The British and French governments felt threatened when Russia occupied the Ottoman provinces because they did not want the Russian Black Sea fleet controlling Mediterranean waters. It is one of the reasons both nations had quickly dispatched ships to the area. A series of ironies began as the Russians evacuated Wallachia and Moldavia by late July of 1854. Being a reversal of what caused the war with the Ottomans in the first place, withdrawal from these territories could have signaled that appropriate diplomacy might have then ended the war. But despite Lord Aberdeen’s reluctance to authorize further British participation, the media had stirred up war fever in both Britain and France by this time, and politicians became reluctant to resist popular sentiments. Ultimately, the Opposition Leader in the British House of Commons, Benjamin Disraeli, began attacking Aberdeen for mismanaging the war, and a vote of “no confidence” forced Aberdeen to resign in January 1855. He retired from politics.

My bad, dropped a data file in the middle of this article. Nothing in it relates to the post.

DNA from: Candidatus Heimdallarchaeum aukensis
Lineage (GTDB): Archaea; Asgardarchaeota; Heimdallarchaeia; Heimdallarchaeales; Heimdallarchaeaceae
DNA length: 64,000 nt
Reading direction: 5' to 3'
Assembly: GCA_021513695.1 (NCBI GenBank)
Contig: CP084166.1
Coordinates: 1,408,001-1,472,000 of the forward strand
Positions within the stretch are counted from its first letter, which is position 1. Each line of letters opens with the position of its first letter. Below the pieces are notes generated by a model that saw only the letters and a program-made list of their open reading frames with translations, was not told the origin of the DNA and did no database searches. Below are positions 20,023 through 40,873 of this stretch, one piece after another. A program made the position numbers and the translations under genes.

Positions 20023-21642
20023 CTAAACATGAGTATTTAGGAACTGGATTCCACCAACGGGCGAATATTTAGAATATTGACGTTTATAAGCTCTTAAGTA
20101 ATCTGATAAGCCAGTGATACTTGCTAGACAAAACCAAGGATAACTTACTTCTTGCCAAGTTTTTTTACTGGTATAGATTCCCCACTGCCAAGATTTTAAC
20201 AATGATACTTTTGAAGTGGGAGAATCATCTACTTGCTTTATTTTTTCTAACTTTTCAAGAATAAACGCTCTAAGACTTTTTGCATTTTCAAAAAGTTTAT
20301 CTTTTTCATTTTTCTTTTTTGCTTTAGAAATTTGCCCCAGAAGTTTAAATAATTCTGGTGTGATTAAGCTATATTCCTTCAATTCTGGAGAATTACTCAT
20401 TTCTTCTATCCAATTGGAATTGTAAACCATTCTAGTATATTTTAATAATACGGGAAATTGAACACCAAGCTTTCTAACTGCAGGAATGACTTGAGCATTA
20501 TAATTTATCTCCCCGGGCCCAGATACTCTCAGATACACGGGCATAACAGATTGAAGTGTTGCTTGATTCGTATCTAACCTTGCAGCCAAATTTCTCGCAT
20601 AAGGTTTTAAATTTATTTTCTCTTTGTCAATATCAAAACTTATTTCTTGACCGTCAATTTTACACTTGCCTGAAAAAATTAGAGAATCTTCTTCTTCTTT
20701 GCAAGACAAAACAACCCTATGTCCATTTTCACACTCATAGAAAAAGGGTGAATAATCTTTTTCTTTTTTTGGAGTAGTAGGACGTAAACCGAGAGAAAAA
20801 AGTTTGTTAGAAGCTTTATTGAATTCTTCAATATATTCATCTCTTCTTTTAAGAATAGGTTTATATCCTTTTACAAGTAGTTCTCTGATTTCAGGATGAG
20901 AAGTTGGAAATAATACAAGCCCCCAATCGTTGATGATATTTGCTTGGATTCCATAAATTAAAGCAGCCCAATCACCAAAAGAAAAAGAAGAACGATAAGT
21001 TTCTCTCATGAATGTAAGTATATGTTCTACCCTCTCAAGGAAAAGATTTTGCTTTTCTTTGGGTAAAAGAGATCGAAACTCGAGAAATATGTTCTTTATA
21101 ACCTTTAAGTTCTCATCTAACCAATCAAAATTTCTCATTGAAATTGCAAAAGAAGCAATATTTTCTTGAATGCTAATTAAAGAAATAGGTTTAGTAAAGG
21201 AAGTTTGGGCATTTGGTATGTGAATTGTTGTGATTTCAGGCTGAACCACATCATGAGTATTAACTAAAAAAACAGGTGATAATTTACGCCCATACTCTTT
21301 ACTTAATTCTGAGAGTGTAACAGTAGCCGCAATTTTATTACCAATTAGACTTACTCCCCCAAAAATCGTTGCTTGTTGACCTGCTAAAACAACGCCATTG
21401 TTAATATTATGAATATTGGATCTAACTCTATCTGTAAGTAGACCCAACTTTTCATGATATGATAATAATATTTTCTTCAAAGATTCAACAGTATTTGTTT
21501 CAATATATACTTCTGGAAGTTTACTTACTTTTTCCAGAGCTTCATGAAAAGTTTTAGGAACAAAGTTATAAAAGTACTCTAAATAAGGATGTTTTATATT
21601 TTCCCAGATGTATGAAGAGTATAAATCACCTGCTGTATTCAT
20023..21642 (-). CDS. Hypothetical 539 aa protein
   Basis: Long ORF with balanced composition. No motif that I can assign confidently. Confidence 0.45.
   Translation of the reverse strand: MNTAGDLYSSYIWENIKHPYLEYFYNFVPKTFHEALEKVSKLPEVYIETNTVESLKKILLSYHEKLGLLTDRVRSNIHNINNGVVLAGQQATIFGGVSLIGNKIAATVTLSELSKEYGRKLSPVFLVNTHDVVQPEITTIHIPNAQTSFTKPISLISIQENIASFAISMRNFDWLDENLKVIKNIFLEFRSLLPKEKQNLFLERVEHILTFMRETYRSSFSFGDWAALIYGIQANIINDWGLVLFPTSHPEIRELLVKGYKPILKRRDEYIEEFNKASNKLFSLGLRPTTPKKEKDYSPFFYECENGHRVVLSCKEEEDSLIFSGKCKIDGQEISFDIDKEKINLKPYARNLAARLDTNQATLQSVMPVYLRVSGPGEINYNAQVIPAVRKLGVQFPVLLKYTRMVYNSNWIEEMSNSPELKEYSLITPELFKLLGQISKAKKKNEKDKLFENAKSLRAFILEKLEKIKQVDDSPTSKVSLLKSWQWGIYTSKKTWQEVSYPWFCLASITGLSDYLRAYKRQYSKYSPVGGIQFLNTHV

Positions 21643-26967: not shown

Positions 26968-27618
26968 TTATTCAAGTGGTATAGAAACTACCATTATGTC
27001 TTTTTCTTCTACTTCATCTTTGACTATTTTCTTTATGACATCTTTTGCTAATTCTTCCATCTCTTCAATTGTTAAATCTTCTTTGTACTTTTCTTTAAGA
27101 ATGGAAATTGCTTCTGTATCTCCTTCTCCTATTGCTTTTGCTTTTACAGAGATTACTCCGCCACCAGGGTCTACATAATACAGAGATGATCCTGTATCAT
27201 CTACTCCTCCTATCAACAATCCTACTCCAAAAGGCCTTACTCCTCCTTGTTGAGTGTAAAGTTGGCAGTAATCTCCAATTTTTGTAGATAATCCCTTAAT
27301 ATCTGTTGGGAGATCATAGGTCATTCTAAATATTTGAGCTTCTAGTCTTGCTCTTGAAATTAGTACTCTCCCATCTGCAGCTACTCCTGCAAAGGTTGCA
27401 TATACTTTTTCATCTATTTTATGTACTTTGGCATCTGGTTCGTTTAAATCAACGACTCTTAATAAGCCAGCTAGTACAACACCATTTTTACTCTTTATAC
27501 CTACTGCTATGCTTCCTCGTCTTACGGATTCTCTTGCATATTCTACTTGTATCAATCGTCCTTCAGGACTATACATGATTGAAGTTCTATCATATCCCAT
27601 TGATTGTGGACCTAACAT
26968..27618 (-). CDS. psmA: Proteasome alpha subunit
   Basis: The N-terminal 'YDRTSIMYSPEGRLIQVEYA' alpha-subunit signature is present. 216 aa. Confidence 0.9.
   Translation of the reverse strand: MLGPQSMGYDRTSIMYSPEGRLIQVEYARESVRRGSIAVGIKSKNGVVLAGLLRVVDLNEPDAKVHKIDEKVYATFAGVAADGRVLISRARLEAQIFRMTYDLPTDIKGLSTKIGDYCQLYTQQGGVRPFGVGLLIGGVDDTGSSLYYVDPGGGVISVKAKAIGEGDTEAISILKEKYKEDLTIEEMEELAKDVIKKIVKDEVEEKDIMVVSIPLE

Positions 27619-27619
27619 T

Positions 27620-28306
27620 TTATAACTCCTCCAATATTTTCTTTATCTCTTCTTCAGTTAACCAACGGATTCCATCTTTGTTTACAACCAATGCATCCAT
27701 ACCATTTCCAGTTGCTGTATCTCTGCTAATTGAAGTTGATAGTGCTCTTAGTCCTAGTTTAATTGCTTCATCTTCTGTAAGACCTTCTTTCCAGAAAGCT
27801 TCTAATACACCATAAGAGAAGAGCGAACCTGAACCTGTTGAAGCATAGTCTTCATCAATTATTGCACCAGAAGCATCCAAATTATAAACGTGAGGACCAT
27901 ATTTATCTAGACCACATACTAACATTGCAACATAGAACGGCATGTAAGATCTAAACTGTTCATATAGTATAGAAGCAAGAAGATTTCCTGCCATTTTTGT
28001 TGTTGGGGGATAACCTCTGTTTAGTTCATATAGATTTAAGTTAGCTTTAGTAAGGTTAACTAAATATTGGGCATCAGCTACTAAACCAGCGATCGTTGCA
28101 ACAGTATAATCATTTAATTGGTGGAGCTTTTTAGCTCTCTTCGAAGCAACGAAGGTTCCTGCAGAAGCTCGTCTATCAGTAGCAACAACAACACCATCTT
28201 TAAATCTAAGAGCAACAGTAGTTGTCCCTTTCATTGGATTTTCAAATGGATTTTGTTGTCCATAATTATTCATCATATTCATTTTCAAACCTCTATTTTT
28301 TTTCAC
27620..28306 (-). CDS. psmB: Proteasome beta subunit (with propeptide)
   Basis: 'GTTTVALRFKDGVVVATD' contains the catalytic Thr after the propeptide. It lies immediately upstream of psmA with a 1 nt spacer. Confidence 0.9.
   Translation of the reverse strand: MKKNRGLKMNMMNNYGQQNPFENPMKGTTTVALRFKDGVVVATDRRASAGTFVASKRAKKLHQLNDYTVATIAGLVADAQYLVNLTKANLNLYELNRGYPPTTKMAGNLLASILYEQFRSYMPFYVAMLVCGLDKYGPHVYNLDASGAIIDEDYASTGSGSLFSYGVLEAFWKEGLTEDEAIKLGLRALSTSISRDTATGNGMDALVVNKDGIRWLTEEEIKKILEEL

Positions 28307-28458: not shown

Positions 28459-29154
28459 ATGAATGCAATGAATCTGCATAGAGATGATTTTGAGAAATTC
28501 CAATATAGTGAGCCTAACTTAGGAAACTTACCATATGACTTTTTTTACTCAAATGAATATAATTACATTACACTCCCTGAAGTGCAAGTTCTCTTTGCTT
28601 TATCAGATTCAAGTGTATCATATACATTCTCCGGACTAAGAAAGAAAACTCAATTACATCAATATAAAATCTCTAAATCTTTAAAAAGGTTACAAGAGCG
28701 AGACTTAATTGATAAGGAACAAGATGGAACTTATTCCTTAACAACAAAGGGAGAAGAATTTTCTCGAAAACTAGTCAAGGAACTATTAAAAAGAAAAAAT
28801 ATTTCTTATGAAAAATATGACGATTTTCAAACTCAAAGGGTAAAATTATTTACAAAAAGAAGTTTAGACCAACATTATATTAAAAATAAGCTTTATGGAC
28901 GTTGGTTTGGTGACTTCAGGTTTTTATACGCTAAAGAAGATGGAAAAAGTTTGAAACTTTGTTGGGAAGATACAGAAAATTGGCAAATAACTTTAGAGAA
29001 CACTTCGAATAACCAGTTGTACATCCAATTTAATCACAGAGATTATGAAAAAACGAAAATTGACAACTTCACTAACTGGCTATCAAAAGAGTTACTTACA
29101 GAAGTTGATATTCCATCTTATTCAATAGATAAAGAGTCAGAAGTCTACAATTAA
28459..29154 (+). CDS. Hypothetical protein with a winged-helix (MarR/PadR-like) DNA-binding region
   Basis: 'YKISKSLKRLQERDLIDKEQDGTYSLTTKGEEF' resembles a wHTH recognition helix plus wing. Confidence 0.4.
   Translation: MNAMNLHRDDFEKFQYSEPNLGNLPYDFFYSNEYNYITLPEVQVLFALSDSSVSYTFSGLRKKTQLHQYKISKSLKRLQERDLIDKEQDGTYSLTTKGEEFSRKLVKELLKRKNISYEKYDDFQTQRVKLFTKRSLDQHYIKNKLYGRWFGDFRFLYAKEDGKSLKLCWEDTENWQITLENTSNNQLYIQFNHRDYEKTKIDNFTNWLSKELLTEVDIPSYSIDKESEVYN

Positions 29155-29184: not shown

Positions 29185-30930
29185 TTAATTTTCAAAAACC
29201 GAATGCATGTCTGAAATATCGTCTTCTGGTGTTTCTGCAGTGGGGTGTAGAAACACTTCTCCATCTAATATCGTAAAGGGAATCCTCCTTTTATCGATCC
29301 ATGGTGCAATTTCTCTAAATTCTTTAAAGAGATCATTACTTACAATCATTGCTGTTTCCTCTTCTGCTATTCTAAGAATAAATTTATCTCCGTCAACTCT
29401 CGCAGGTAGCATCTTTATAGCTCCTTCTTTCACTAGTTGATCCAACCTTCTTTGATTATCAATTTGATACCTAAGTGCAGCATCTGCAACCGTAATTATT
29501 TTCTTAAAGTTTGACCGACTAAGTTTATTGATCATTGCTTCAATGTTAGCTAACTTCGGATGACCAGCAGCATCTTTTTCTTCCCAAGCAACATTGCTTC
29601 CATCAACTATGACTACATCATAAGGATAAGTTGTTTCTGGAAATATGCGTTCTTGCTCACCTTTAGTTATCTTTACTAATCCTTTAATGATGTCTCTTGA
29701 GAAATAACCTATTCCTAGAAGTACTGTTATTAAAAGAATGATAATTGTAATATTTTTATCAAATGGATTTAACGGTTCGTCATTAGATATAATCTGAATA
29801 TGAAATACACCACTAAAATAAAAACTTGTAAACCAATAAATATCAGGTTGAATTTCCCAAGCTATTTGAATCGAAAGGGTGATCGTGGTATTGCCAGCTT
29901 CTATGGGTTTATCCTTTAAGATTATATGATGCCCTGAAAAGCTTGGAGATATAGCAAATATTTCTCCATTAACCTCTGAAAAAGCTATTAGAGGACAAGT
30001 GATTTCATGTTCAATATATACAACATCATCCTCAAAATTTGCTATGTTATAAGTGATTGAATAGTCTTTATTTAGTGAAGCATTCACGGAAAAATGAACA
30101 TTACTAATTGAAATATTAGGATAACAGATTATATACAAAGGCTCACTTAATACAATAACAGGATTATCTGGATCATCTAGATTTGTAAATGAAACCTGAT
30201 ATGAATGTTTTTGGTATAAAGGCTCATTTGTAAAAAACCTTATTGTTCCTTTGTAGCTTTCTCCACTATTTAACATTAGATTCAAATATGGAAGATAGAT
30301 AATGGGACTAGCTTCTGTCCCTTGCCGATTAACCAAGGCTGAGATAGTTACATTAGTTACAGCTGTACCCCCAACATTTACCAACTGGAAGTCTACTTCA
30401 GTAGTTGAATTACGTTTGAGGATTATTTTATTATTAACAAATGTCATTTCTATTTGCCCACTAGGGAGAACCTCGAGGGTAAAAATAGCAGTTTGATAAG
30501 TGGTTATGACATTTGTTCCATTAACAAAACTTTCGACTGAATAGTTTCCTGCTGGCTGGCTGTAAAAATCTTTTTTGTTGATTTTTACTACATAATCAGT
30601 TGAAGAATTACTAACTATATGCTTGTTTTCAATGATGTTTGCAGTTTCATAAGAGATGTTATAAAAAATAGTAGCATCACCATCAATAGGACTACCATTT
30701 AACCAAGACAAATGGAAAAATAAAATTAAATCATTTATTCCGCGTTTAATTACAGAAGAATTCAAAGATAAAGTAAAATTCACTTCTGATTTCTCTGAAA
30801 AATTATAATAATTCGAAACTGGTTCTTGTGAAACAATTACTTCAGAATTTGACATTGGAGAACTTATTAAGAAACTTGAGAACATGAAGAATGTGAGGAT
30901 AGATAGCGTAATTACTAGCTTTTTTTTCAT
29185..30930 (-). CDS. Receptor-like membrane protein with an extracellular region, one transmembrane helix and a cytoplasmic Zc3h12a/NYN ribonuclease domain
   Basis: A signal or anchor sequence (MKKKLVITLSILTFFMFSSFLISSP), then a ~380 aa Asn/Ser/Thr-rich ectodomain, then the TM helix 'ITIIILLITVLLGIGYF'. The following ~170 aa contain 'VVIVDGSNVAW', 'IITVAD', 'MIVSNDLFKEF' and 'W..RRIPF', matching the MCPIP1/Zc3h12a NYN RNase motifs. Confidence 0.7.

Even more Ironic, Czar Nicholas I who had initiated the entire conflict became overtaxed physically and mentally, and this war cost him his life. He had tried to provide direct leadership to the Russian army during the Crimean War, but supposedly caught a chill, refused medical treatment, and died of pneumonia on March 2, 1855. On the death of his father, Alexander II became czar, and less than a year later, he took Russia out of the war on January 15, 1856. The Treaty of Paris, which concluded the war on March 30, 1856, was quite unfavorable to Russia. The peace treaty restored contested territories to the Ottoman Empire, removed Russia’s naval fleet on the Black Sea, but Russia retained control of the towns and ports of Sevastopol on the Crimean peninsula.